In university, I became doubtful about my career path; no one would want to employ a sick person that have to get help going to the bathroom. School life is a real struggle especially when I have to go through all of this not to mention the financial issues. However; I am sure that whatever I chose to become I would motivate and inspire persons from all walks of life. I love children and even though doctors recommend me not to give birth, I will help children in need. It makes me sad because I will never know what it feels like to give birth naturally to a beautiful miracle. I always wanted to be a pediatrician, to help children in the health care sector. But, I could never fall in love with science but physics was always a mystery to me and I appreciated the knowledge. I became an actress in Jamaica’s first puppet series called Ackee Walk. This television series was established to teach children about their rights and responsibilities. Although I was not wearing a white doctor coat on set, it’s a joy to me to know that I am helping to educate children.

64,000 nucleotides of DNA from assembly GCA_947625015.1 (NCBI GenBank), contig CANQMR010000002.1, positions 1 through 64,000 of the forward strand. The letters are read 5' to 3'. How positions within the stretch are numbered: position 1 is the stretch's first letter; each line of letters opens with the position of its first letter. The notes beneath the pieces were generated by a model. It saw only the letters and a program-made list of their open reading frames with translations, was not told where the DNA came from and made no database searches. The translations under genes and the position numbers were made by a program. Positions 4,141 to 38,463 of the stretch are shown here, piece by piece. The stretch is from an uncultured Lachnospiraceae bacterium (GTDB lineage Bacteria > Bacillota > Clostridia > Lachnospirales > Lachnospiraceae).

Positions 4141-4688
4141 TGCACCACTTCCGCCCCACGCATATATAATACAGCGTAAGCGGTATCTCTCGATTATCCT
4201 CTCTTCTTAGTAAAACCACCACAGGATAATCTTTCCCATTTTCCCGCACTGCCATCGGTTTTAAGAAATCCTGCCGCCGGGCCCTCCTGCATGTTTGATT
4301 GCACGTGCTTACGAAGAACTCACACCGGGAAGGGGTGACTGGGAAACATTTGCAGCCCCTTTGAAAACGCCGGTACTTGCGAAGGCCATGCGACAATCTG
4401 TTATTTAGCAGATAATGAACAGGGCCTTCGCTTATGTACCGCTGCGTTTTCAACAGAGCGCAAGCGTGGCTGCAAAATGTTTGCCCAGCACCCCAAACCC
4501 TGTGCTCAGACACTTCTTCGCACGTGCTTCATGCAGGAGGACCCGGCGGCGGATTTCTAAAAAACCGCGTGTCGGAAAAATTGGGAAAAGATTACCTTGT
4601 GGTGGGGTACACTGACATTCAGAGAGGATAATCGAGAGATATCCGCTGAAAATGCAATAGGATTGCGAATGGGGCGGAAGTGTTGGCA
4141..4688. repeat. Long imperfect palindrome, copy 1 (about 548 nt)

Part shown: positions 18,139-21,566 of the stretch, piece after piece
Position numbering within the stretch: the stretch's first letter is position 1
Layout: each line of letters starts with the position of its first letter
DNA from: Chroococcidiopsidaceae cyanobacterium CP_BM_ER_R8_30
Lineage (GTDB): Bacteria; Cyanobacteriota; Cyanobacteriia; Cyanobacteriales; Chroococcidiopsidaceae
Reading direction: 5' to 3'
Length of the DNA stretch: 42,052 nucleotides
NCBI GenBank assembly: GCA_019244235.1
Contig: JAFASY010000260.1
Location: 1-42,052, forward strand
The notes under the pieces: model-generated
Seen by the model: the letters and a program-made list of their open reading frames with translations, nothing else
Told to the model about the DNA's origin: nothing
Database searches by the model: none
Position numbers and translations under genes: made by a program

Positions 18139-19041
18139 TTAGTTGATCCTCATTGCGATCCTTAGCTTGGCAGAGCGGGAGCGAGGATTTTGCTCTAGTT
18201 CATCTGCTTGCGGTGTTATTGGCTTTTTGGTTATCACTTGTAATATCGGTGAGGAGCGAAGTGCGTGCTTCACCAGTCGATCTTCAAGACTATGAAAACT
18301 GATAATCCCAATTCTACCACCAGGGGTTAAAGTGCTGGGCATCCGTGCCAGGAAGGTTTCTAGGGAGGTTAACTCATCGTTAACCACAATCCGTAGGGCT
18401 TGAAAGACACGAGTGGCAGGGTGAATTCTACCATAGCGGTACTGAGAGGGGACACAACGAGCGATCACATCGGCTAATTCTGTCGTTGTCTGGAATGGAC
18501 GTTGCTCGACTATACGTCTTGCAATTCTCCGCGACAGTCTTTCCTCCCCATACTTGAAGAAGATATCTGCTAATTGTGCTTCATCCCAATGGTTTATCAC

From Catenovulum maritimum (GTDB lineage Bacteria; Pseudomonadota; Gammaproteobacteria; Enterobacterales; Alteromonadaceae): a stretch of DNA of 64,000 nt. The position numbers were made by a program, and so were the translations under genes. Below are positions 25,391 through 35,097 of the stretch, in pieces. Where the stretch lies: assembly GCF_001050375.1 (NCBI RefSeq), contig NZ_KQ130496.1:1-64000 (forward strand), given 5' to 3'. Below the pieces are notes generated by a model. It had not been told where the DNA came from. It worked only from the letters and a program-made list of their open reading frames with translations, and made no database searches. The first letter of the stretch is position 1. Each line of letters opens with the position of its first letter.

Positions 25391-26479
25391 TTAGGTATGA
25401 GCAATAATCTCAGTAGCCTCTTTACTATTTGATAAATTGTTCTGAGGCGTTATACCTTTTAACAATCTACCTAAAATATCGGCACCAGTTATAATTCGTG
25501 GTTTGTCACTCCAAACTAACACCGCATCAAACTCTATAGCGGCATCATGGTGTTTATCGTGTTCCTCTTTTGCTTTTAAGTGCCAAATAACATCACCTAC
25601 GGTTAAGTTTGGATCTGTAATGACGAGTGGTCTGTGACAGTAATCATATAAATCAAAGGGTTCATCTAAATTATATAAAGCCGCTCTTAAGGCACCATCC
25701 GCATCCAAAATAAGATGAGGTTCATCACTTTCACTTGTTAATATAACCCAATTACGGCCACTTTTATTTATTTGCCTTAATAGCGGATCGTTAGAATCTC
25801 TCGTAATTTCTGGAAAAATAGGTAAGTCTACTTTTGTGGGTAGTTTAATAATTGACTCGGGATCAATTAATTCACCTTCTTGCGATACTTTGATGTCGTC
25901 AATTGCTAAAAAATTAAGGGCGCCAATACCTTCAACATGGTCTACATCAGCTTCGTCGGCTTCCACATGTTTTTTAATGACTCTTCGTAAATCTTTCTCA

What makes me keep going? Is a question I have often been asked from persons who have met me. I keep going because I cannot go a day without thinking about inspiring my family, friends and strangers. And I believe that I was born for a purpose. My success dreams cannot happen out of the blue, I have to work for it. Legends are not super humans, they are normal beings who never gave up and no one will remember someone who never tried in life. I have to keep balance on my bicycle because I have to keep moving. Time is precious and short, for my time to be valuable on earth I have to believe that I can survive. Everything that I have accomplished so far has been a rugged journey for me. I suffer from illnesses but I am determined to make the best out of life. I pledge to use my skills and expertise to the best of my abilities to escape poverty. My personal and professional experiences have equipped me with passion, commitment and competency to succeed after my tertiary education.